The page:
Sunday, October 4, 2009

Quick Beauty Tip

I like my skin to have a nice, healthy glow, but I never want it to look oily or "shiny". Every lady knows that restrooms are not just a place of rest. Women congregate in the ladies' room to check out their hair, reapply their lipgloss...and essentially, to "powder their noses".

A while back, cosmetic companies came out with blotting tissues, little mini tissues to absorb excess oil on the skin. A lot of companies make them, but here is a little trick I discovered several years ago while at my chiropractor's office. Many of you may already know this, but here it is just in case you haven't heard this one.

The chiropractor was just finishing up with me. I sat up from my face-down position on the table and realized that the sanitary paper on the table had an oily imprint of my face in it. A few days later, while in a public restroom, I noted that the toilet seat covers were made of this same paper. Aha! You know where I am going with this...blotting paper. FREE blotting paper!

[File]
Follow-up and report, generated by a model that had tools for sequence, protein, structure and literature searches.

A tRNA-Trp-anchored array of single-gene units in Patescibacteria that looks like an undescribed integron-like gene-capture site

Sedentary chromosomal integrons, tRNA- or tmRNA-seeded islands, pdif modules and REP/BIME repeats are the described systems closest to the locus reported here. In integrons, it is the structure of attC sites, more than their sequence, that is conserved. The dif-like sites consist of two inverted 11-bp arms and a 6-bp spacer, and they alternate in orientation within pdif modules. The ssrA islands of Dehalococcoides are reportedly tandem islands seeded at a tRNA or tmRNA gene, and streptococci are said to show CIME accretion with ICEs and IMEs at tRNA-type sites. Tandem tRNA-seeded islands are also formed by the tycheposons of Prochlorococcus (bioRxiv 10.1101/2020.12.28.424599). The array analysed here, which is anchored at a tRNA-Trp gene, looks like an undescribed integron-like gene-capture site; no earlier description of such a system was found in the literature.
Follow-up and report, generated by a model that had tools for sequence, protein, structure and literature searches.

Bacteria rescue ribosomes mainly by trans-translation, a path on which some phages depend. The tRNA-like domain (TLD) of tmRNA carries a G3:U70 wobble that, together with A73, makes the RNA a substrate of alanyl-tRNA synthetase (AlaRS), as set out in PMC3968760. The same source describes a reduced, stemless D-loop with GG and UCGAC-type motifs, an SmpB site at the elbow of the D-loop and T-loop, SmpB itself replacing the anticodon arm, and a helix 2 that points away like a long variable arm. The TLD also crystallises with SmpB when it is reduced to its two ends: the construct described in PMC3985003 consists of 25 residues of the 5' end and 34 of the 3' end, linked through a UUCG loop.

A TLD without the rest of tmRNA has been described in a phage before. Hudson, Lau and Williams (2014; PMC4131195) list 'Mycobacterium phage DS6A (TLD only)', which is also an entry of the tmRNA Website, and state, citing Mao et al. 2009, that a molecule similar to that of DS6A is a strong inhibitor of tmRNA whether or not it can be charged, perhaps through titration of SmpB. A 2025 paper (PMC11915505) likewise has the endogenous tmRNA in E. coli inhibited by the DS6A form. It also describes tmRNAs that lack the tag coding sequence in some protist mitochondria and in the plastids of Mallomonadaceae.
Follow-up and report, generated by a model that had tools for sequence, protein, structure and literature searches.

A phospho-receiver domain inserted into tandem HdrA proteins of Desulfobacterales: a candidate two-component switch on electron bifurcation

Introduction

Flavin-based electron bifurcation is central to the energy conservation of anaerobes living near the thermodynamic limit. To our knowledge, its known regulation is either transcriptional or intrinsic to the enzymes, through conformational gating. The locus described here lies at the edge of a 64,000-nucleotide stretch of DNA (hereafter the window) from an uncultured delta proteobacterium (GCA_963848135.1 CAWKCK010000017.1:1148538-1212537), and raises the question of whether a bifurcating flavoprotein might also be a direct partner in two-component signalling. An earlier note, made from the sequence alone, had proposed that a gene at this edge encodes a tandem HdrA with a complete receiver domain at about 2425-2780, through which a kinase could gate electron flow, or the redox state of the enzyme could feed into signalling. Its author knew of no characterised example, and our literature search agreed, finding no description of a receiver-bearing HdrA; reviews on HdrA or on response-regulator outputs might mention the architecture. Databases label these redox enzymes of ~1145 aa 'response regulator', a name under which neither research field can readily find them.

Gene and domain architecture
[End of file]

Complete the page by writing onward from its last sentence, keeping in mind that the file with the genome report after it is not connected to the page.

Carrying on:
Next time you are in a restroom, give it a try. It works! Some may be too germaphobic for this one..but I thought I'd share it anyway. Of course, it is best to avoid the first few papers toward the front of the stack! So there you have it, a quick and frugal beauty tip for the week.

I still like to keep blotting tissues readily available in my purse. When choosing a brand, be sure to check the ingredients before you buy. Stay away from those with added chemicals or talc. The most absorbant ones I have tried are Clinique's pore minimizer oil-blotting sheets. I was pleasantly surprised recently when I tried them. There are no added chemicals, they are very absorbant, and they don't leave any powdery residue. Plus, they are a bit more convenient than running to the nearest powder room!

Interesting fact:
The term powder room dates back to the early 18th century, when it was used to refer to a closet-sized room where people went to have their wigs repowdered. The expression carried through to Victorian times, when any reference to personal bodily functions was considered indelicate. Ladies of the era were embarrassed to speak of such things and would excuse themselves from mixed company to go to “powder their noses.” In fact, many women still use refer to a public ladies’ room as a powder room. (found on

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